Many companies that market gluten-free foods already meet the standard. But Andrea Levario of the American Celiac Disease Alliance said the federal guidelines will cut down on painstaking shopping for those who suffer from celiac disease.
Levario said wheat must be labeled on food packages, but barley and rye are often hidden ingredients in food. The standard will also ensure companies can't label products "gluten-free" even if they are cross-contaminated from other products made in the same manufacturing facility. She said shopping can be like "playing Russian roulette" for people who have celiac.
"This will eliminate confusion for the consumer and will cut down on calls to companies to try and determine whether their products are safe and gluten-free," she said.
Michael Taylor, FDA deputy commissioner for foods, said the rule originally proposed during the George W. Bush administration was delayed, because the agency was evaluating what standard was correct.
"We wanted to do a careful scientific assessment of the data and the range of sensitivities," Taylor said.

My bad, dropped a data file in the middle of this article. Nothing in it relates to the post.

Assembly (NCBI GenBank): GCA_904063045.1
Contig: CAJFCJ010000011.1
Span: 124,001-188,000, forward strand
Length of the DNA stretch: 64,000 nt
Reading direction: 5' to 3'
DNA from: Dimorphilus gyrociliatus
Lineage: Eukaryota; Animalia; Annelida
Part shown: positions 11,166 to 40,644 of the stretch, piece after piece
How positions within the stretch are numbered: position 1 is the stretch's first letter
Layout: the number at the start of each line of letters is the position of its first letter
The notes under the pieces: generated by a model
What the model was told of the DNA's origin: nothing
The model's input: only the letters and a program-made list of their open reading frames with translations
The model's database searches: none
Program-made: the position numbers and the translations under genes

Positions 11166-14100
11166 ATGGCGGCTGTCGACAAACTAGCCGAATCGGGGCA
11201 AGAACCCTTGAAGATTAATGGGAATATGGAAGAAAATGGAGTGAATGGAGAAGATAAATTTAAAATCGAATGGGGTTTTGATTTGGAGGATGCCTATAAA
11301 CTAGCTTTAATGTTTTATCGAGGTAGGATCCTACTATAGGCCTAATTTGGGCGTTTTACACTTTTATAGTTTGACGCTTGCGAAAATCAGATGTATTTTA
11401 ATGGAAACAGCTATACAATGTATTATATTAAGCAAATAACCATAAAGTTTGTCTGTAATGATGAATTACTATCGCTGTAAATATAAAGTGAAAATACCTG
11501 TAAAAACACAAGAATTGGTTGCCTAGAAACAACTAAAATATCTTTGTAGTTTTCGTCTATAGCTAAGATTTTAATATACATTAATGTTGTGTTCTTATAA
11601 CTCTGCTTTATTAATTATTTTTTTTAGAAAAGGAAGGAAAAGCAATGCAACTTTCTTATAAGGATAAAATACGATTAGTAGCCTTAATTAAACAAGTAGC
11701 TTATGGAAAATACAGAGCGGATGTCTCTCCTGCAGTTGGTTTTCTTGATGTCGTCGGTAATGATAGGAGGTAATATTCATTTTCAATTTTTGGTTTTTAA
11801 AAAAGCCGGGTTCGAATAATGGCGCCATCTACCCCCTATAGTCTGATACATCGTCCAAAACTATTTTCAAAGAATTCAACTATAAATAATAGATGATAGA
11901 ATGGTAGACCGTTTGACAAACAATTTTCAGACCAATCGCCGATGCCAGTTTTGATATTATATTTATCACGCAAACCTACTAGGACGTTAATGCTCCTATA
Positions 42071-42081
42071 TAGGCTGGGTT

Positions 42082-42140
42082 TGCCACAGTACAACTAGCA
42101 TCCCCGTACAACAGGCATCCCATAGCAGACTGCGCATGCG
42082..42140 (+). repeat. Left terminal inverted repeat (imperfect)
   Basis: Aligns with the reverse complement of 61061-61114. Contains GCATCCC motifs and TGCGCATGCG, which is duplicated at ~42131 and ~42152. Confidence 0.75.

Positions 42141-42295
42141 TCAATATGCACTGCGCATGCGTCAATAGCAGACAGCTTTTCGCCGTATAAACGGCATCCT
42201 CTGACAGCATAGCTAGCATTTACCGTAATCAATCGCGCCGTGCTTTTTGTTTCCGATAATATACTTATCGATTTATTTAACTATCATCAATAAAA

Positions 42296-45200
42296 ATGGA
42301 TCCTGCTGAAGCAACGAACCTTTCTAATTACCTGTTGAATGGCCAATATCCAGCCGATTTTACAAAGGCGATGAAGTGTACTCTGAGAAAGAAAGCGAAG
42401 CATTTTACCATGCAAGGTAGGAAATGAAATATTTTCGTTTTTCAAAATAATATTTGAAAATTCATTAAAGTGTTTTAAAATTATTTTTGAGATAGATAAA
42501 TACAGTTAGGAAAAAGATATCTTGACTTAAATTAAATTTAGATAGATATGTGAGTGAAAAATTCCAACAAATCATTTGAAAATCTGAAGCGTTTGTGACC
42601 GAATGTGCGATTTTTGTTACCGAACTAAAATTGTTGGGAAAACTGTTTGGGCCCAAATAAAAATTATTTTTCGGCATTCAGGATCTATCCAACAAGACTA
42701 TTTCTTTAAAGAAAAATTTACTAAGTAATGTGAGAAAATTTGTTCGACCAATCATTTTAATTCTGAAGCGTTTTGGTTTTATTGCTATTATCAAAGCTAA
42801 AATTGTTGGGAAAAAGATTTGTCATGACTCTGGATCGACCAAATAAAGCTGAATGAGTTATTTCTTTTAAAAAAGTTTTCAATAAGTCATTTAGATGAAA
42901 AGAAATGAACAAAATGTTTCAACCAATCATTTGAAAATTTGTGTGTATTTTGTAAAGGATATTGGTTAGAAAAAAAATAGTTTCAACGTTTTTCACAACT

Congress originally directed the FDA to set the standards in 2004 as part of a larger law that required food packaging to list major allergens. Rep. Nita Lowey, D-N.Y., originally introduced a bill calling for the standards in 1999. She praised the FDA rules and called them "a long time coming."
In the decade since Congress considered the standards, gluten-free foods have become big business. Millions of people are buying the foods because they say they make them feel better, even if they don't have celiac disease. Americans spent more than $4 billion on gluten-free foods last year, according to the American Celiac Disease Alliance, and a major manufacturing survey issued this week suggested the niche industry is giving an economic boost to the food industry overall.
One of the largest manufacturers of gluten-free foods, Boulder Brands, said it has been seeing double-digit growth in sales and is looking at expanding into bigger markets. The company's brands, Glutino and Udi's, already meet the new standards.
"We expect the new regulations to impact sales in a positive way as consumers can feel more confident in their gluten-free choices," said T.J. McIntyre, executive vice president of the company.